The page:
Why Is Race to the Top Rewarding States With Low Proficiency Standards?



By 05/03/2010

Print | NO PDF |

Education Next’s Paul Peterson and Chester E. Finn, Jr. talk this week (May 6) about why Tennessee and Delaware, which received very low scores in a new evaluation of state proficiency standards, nonetheless were the big winners of round 1 of Race to the Top.

Listen to the Podcast

For more on this topic, see “State Standards Rising in Reading but Not in Math,” by Paul Peterson and Carlos Xabel Lastra-Anadon, from the Summer 2010 issue of Education Next.


Peterson and Finn’s previous podcasts:
Do U.S. Students Spend Enough Time Learning?
(4/21/10)
Florida Governor Vetoes School Reform Bill
(4/15/10)
Will NCLB be reauthorized this year?
(3/23/10)
The New Normal for Federal Education Spending
(3/4/10)
Choice and Residential Segregation
(2/23/10)
Studies Find No Effects
(1/7/10)
Focus of School Reform Shifting to Teachers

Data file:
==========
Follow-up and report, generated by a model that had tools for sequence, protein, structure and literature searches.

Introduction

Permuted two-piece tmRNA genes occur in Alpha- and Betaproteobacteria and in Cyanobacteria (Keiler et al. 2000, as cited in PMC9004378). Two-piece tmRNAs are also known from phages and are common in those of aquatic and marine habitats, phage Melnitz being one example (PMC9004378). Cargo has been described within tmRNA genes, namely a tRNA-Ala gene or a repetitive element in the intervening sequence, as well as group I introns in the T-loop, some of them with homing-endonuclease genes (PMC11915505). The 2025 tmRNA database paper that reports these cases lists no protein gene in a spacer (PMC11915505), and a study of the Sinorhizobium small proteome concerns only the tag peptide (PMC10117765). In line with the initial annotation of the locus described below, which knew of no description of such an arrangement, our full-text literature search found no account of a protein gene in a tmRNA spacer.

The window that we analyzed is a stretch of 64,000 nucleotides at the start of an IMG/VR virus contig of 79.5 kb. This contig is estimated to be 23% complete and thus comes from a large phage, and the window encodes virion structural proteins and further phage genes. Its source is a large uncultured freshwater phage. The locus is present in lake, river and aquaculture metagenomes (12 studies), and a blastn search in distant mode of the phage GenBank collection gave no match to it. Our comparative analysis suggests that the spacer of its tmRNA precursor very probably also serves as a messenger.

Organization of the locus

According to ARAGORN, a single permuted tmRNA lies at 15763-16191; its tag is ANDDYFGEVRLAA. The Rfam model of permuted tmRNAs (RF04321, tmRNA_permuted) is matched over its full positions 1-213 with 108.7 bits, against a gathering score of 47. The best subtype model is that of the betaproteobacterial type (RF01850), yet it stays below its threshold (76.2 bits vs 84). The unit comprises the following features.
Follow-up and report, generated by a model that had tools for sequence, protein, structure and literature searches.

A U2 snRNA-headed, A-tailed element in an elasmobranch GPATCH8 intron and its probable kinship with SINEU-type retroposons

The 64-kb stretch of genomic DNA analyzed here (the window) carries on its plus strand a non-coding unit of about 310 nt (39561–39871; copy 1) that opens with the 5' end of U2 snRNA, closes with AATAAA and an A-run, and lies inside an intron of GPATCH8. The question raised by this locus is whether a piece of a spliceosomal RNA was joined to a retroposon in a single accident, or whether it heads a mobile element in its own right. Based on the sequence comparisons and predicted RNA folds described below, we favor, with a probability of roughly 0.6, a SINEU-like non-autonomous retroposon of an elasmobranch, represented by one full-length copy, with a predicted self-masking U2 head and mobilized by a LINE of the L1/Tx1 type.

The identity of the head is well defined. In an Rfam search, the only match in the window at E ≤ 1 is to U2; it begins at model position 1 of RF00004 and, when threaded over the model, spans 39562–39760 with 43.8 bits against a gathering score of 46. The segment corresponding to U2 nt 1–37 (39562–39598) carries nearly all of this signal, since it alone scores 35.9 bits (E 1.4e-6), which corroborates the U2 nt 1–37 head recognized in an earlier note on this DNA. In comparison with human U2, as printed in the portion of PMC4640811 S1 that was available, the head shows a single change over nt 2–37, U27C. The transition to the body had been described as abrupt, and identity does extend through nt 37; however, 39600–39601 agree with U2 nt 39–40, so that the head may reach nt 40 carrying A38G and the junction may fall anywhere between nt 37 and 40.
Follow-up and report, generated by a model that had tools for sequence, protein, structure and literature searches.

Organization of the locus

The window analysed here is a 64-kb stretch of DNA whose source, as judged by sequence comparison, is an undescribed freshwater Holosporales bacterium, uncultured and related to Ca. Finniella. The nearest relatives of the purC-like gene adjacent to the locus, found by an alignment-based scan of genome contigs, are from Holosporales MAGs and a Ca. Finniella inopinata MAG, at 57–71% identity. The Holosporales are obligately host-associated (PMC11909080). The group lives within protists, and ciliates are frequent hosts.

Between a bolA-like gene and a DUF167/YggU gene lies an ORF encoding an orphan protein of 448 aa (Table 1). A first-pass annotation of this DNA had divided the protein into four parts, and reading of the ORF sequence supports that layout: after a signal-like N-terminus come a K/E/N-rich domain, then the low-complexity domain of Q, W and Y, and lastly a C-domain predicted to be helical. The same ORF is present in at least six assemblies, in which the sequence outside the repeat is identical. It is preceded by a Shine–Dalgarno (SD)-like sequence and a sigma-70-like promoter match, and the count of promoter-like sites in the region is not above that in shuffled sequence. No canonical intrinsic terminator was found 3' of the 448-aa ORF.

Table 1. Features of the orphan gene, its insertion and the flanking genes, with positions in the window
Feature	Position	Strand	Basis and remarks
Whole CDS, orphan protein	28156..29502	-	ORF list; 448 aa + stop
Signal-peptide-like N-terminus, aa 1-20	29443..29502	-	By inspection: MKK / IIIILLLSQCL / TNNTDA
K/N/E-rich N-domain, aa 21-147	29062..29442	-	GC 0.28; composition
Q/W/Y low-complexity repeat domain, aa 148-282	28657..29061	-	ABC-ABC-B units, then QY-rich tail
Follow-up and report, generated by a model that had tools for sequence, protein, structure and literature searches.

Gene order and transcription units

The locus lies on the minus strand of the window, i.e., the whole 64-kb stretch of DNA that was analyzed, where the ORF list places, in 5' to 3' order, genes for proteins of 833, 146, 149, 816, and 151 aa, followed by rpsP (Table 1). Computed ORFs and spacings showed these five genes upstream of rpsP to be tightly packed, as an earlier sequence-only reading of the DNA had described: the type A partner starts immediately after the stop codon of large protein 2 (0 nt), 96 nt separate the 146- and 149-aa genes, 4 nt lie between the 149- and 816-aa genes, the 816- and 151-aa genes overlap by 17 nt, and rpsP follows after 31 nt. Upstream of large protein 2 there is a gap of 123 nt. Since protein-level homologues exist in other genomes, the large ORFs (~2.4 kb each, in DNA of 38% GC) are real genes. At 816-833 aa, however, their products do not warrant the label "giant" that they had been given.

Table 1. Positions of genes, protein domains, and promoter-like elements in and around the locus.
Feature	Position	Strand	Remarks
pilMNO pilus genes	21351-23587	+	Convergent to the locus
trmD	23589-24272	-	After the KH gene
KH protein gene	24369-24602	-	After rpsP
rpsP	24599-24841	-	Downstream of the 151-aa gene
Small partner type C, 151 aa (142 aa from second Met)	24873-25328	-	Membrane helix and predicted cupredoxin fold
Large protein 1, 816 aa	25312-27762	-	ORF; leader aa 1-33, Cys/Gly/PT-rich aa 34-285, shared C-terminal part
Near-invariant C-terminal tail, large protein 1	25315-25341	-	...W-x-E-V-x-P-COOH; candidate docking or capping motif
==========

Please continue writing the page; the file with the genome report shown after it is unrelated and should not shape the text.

(12/17/09)
Are Middle Schools or Middle Schoolers the Problem?
(12/10/09)
Biggest Spender in Politics: The NEA
(12/4/09)
Saving Jobs or Stimulating Reform?
(11/24/09)
Election Postmortem
(11/19/09)
Will Congress Reroute the Preschool Juggernaut?
(11/4/09)
Voters Choose Neighborhood Schools over Socioeconomic Diversity
(10/29/09)
The Nobel Committee Isn’t the Only One Giving Speculative Prizes
(10/22/09)
Will Michelle Rhee Triumph?
(10/14/09)
Will the Federal Role in Education Double?
(10/8/09)
Charter Schools Narrow Achievement Gaps in New York City (10/1/09)
What Congress Is Not Working On
(9/24/09)
Charter Schools, Unions, and Linking Teachers with Student Achievement Data
(9/17/09)




Sponsored Results
Sponsors

The Hoover Institution at Stanford University - Ideas Defining a Free Society

Harvard Kennedy School Program on Educational Policy and Governance

Thomas Fordham Institute - Advancing Educational Excellence and Education Reform

Sponsors